Originally published in the April 1998 California HomeSchooler.
A few years ago, when I had finished the manuscript for The Homeschooling Handbook, I started pondering the idea of a book on unschooling. Like most unschoolers I’m regularly frustrated at the difficulty many people seem to have understanding the concept. We explain the idea carefully and clearly—we think—and then find ourselves spluttering in disbelief when our listener asks, “But when do you do your lessons?”
With the help of my two or three dozen questionnaire respondents, I figured I could come up with the definitive answer-the-question-for-all-time explanation of what exactly unschooling is. Everybody had good answers to the questions, “How do you define unschooling?” The problem was that all the answers were different—and almost all of them were several paragraphs long.
My friend Carol Edson (a long-time HSC Alameda County Contact) offered the most pointed and concise definition:
“Unschooling to me means learning what one wants, when one wants, in the way one wants, where one wants, for one’s own reasons. The learning is learner-directed; advisors or facilitators are sought out as desired by the learner. There are no curricula, lesson plans, schedules, or agendas. Most of the learning is quiet, even invisible, as there is not a focus on creating a lot of ‘products.'”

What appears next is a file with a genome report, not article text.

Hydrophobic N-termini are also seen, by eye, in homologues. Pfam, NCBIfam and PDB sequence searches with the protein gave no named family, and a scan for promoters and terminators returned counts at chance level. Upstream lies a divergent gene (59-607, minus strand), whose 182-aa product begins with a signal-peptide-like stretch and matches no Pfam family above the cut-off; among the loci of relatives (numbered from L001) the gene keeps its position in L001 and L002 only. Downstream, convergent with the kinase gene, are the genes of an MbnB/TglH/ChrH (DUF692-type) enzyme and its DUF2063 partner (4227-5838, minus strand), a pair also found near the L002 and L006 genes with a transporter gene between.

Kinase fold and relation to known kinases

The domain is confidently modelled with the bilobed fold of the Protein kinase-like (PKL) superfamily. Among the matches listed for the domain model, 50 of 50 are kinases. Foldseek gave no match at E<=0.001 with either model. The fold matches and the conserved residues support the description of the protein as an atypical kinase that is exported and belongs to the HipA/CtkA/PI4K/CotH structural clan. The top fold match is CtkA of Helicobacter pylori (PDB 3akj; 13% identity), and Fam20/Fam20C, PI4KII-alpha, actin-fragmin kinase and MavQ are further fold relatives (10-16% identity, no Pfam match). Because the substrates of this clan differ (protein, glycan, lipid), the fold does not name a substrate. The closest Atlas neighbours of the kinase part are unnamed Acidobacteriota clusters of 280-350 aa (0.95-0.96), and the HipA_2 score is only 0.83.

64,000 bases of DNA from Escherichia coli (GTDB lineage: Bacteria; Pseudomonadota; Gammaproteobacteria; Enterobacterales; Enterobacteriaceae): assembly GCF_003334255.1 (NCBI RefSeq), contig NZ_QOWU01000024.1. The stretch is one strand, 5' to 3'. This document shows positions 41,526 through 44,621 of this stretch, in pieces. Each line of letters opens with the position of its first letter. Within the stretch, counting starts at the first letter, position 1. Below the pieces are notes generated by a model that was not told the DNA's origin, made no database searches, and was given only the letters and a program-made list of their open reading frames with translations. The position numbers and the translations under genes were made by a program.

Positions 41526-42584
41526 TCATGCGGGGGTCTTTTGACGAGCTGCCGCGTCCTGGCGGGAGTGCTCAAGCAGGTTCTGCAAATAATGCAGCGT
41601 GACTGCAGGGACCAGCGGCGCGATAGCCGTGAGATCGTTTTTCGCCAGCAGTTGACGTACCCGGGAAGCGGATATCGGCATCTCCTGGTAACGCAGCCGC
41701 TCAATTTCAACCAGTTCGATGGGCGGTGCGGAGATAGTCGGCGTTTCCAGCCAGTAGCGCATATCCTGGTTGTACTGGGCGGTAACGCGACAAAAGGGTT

The problem with a nice short answer like Carol’s is that it leaves the novice mystified, wondering, “But what is it exactly that unschoolers actually do?”
What I realized as I got seriously working on the book was that unschooling is so hard to define because it truly is different for every unschooling family and for every child within a given family. Because it is so centered on the learner’s own needs and interests, generic definitions are perforce incomplete and unsatisfactory.